Consumers must be cautious when it comes to sales and discounts, as unscrupulous retailers may mislead them. The Competition and Consumer Protection Commission (CCPC) recently highlighted the potential pitfalls of navigating sales and discounts. Kevin O’Brien, a member of the CCPC, emphasized the importance of consumers knowing their rights and being aware of genuine discounts. The CCPC has warned businesses planning their winter sales that they will be closely monitoring to ensure discounts are legitimate and consumers are not misled.
Last year, new rules were introduced regarding price reductions, and the CCPC’s recent announcement is in line with these regulations. The Price Indication Regulations provide clear requirements for the use of discounts. Any announcements such as “sales” prices, “special offers,” or “Black Friday offers” that create the impression of a price reduction must adhere to these rules.
According to the law, when a business announces a price reduction, they must display the lowest price the product was sold for in the previous 30 days and base the discount on this price alone. As the enforcement body for consumer protection laws, the CCPC closely monitors the market. Last year and earlier this year, the CCPC analyzed pricing data from various retailing websites and discovered concerning pricing practices. Some traders had not changed their practices regarding price reduction announcements, despite the introduction of new rules.
One example of non-compliance is when traders fail to display the prior price of a product when announcing a price reduction. The prior price should be the lowest selling price within the previous 30 days before the reduction. The CCPC observed that traders frequently neglected to do this. For instance, if a product was priced at €1,649 from December 23, 2022, to January 24, 2023, and then increased to €1,949 from January 25, 2023, to February 8, 2023, the price reduction announcement on February 9, 2023, should indicate a prior price of €1,649, not €1,949.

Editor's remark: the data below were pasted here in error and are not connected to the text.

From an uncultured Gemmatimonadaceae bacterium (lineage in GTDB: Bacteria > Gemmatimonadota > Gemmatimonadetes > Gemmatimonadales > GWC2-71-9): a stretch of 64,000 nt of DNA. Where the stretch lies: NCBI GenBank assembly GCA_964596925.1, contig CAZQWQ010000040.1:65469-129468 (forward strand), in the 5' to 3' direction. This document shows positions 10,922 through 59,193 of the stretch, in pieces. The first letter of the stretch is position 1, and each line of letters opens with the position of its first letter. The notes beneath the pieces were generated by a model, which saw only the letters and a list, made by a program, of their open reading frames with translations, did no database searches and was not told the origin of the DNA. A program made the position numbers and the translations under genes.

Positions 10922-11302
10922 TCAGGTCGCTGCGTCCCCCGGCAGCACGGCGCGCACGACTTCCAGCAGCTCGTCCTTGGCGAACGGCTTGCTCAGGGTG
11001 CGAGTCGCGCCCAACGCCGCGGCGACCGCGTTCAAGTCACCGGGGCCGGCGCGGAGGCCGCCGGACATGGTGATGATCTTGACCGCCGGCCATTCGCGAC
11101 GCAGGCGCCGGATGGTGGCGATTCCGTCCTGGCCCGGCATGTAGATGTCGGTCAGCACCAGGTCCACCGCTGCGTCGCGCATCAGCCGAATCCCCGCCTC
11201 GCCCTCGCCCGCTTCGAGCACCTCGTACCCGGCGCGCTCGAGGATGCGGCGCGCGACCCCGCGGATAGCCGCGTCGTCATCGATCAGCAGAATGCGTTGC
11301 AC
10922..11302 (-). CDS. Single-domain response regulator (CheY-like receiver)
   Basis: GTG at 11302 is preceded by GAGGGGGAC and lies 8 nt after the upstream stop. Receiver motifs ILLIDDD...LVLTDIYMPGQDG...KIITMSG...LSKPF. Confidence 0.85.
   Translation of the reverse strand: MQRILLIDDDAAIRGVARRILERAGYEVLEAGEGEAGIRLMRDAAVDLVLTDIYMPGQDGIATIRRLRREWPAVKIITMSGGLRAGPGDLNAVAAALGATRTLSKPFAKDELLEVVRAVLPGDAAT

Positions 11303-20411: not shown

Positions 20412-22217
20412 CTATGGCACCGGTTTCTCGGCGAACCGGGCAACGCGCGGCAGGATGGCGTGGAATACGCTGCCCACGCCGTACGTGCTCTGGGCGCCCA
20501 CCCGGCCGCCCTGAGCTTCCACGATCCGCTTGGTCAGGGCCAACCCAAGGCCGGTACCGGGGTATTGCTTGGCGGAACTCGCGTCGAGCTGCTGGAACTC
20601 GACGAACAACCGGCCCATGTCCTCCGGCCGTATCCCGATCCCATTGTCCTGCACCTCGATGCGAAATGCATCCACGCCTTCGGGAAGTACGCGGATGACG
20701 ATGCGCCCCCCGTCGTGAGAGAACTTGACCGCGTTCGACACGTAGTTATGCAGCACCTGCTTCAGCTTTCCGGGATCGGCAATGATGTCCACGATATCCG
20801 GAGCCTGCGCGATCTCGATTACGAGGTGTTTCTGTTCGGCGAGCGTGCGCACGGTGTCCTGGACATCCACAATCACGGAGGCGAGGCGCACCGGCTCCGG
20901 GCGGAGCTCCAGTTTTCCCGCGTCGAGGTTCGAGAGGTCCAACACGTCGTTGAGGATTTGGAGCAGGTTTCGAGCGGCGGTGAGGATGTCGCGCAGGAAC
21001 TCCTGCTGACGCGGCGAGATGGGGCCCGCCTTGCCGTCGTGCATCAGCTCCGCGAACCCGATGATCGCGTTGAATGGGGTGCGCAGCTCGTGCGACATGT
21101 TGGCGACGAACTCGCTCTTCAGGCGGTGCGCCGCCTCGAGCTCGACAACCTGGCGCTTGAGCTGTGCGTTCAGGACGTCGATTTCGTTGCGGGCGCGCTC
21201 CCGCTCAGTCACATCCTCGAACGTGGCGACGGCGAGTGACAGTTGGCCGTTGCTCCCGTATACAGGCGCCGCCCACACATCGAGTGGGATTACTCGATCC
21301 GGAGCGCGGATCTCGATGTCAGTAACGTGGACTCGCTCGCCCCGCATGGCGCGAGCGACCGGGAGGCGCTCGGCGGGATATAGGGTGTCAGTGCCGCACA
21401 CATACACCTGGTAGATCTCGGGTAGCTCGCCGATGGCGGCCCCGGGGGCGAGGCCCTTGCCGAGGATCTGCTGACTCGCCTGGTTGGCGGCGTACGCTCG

Furthermore, if a trader briefly increases the price of a product before immediately reducing it back to its previous price, they cannot use the briefly increased price as the prior price in their price reduction announcement. The prior price should be the lowest selling price applied to the product in at least the last 30 days. If a trader applies consecutive reductions to the selling price of a product as part of a sales campaign, the prior price remains the same for all successive price reduction announcements during the campaign.
Under recent changes to the Consumer Protection Act 2007, a commercial practice is considered misleading if it is likely to deceive or mislead the average consumer or influence their transactional decision. This includes providing false, deceptive, or misleading information about the existence or nature of a specific price advantage.
The CCPC has also found that some traders apply price reductions for excessively long periods compared to the duration of the product being sold without a reduction. For example, if a product is priced at €79.99 for two months and then reduced to €49.99 for ten months, a price reduction announcement indicating a prior price of €79.99 would be misleading, as the product has not been sold at that price for almost a year.
Another misleading practice is when traders fabricate recommended retail prices to make a discount appear better. For instance, if a product’s price is reduced from €1,699 to €1,499 on December 24, 2022, and the price reduction announcement features a recommended retail price of €2,799, even though the product was never offered for sale at that price, it is considered an offense.
The CCPC has been engaging with businesses to inform them of their new obligations regarding pricing regulations. However, the engagement phase is now over, and sales pricing has become an enforcement priority for the CCPC. The CCPC will continue to monitor the market, particularly in the upcoming busiest shopping months of the year. If any offers are found to mislead consumers, the CCPC will engage with businesses and take enforcement action if necessary.
In addition to physical stores, consumers must also be cautious when shopping online. Unscrupulous online retailers may use manipulative tactics known as “dark patterns” to influence consumer choices. These tactics work on a subconscious level and fall into various categories. One example is the use of activity messages, which inform consumers about the actions of others on the website to create a sense of urgency and the fear of missing out on a popular product.
It is crucial for consumers to stay informed, know their rights, and be vigilant when it comes to sales and discounts, whether in physical stores or online. By being aware of the regulations and recognizing manipulative tactics, consumers can make informed decisions and avoid being misled.